With the births of octuplets to Nadya Suleman — the California woman in whom six embryos were implanted, one of which split, and who is already the mother of six young children — concerns about fertility treatments have suddenly become a hot-button issue.
Such has been the case for some time, but in Suleman's situation, there is the issue of asking to be implanted at all; the moral question of her acting responsibly; the morality of her doctor's actions in implanting so many embryos; the health of the babies, several of whom face developmental challenges; and the problem of who will take care of the babies' needs — and who will pay for that care?
Suleman, who's been labeled "Octo Mom" — a rather unkind and cutting nickname — has said publicly that as an only child, she always felt lonely, and as such, wanted a large family of her own.
Is this a good reason to have so many kids, especially as a single parent?
"Medical psychiatry is the way we think about having the capacity to make decisions — and if somebody doesn't seem to make a decision that makes sense," said Deborah Kim, a specialist in women's mental health and an attending physician in the University of Pennsylvania psychiatry department.
"Generally, when someone requests something unorthodox or not normally requested, that person should be evaluated. The issue in this case is having the rationality to manipulate the information — a process that could have been affected by depression, obsession or psychosis.
"It's really impossible to tell in this particular case, but, in any such case, it's really on the doctor" to notice key problems.
With regard to the ideal attached to the idea of fertility treatments, Martin Freedman — a board-certified reproductive endocrinologist aligned with Northern Fertility and Reproductive Associates that has offices in Willow Grove, Blue Bell and Center City — said: "Most doctors go for one pregnancy; a perfect scenario would be to have a single-term pregnancy on every occasion. However, people will accept twins, [though] the births can be premature."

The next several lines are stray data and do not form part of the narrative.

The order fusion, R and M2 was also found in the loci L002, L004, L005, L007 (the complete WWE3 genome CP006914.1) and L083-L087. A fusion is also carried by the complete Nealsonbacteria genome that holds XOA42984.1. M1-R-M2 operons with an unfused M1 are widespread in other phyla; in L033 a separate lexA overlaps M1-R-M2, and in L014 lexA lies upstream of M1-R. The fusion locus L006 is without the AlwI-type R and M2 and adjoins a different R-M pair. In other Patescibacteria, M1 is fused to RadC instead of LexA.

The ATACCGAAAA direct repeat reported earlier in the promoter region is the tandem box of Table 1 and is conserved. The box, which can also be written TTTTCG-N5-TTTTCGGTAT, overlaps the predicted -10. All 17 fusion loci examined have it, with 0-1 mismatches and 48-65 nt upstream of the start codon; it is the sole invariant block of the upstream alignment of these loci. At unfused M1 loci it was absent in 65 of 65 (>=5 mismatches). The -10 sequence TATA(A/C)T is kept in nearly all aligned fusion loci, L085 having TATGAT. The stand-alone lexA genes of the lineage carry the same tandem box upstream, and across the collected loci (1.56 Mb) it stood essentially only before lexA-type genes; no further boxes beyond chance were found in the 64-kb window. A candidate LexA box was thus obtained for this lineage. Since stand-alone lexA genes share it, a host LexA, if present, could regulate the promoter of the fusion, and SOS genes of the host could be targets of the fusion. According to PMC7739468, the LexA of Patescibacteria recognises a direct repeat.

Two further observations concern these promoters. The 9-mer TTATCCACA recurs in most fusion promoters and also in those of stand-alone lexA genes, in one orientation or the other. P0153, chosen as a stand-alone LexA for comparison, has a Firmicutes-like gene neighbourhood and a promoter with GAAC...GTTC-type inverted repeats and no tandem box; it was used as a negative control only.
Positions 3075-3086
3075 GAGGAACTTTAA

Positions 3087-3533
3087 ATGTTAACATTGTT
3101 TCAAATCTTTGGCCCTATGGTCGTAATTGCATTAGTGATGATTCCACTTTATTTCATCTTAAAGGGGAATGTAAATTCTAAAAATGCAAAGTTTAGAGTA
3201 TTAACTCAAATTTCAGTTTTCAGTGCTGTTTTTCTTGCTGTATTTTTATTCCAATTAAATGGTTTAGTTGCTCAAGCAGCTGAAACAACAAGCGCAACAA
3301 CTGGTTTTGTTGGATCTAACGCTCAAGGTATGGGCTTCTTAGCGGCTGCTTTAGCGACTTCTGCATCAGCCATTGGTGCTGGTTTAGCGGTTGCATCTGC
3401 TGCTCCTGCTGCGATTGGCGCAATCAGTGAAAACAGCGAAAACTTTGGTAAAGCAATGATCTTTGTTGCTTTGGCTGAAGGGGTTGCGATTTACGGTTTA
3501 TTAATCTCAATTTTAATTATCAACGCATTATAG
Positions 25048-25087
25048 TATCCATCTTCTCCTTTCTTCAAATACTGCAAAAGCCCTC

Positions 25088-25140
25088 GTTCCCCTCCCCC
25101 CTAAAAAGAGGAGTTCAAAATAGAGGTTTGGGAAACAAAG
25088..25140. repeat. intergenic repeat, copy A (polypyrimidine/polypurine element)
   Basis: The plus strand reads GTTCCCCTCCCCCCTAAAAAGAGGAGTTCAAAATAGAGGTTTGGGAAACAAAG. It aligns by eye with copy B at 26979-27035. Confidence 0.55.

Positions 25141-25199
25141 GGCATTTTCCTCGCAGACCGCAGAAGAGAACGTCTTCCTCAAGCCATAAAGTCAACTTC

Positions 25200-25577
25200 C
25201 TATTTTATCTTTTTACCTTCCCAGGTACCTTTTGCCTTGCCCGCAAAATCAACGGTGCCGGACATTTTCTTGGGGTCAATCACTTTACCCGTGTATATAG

He said that he didn't know of any fertility clinic in the Philadelphia area that would have gone along with the treatments given to Suleman.
Fertility doctors, he explained, "have a moral responsibility to show an ethical standard of care, [and] should take that responsibility very, very seriously, and never violate patient trust," as well as "do the appropriate number [of implants], based on the woman's age."
In U.S. clinics, the invitro-fertilization success rate for women younger than 35 is 50 percent to 60 percent — about 50 percent when women are between 35 and 38, and 25 percent to 30 percent for women 39 to 49 years old, according to Freedman, an attending physician in the department of obstetrics and gynecology at Thomas Jefferson University Hospital, and a fellow at the American College of Obstetricians and Gynecologists.
"It's an age-based success rate, since as a woman ages so do her eggs," he remarked.
Freedman said that after a consultation with any couple, the most that he and his associates will do is three.
"From day one, we lay out all of the ground rules, including a consideration of the woman's age. If a couple decides on three implants, for example, they must understand all of the options and risks. When all three implants take, that's a serious outcome."
There is no law anywhere in the United States that governs fertility treatments, he stated, only recommendations from the American Society of Reproductive Medicine.
"It's estimated that up to 15 percent of married couples, one in six or seven couples, have a problem conceiving, so it's a pervasive problem, but our science and technology have taken us to a place we could never have dreamed of. It can be a bad thing [to] lose sight of the ideal goal."
Said Arthur Kaplan, the prominent bioethicist at Penn: "People have been quick to criticize the mom [Suleman] in this, but that's not a good thing. All of the signs are there that she has some issues, such as that she's even competent. How did she even become a patient? It was completely and utterly wrong for the doctor in question to do this to her. Doctors have to think of the babies' interests, too."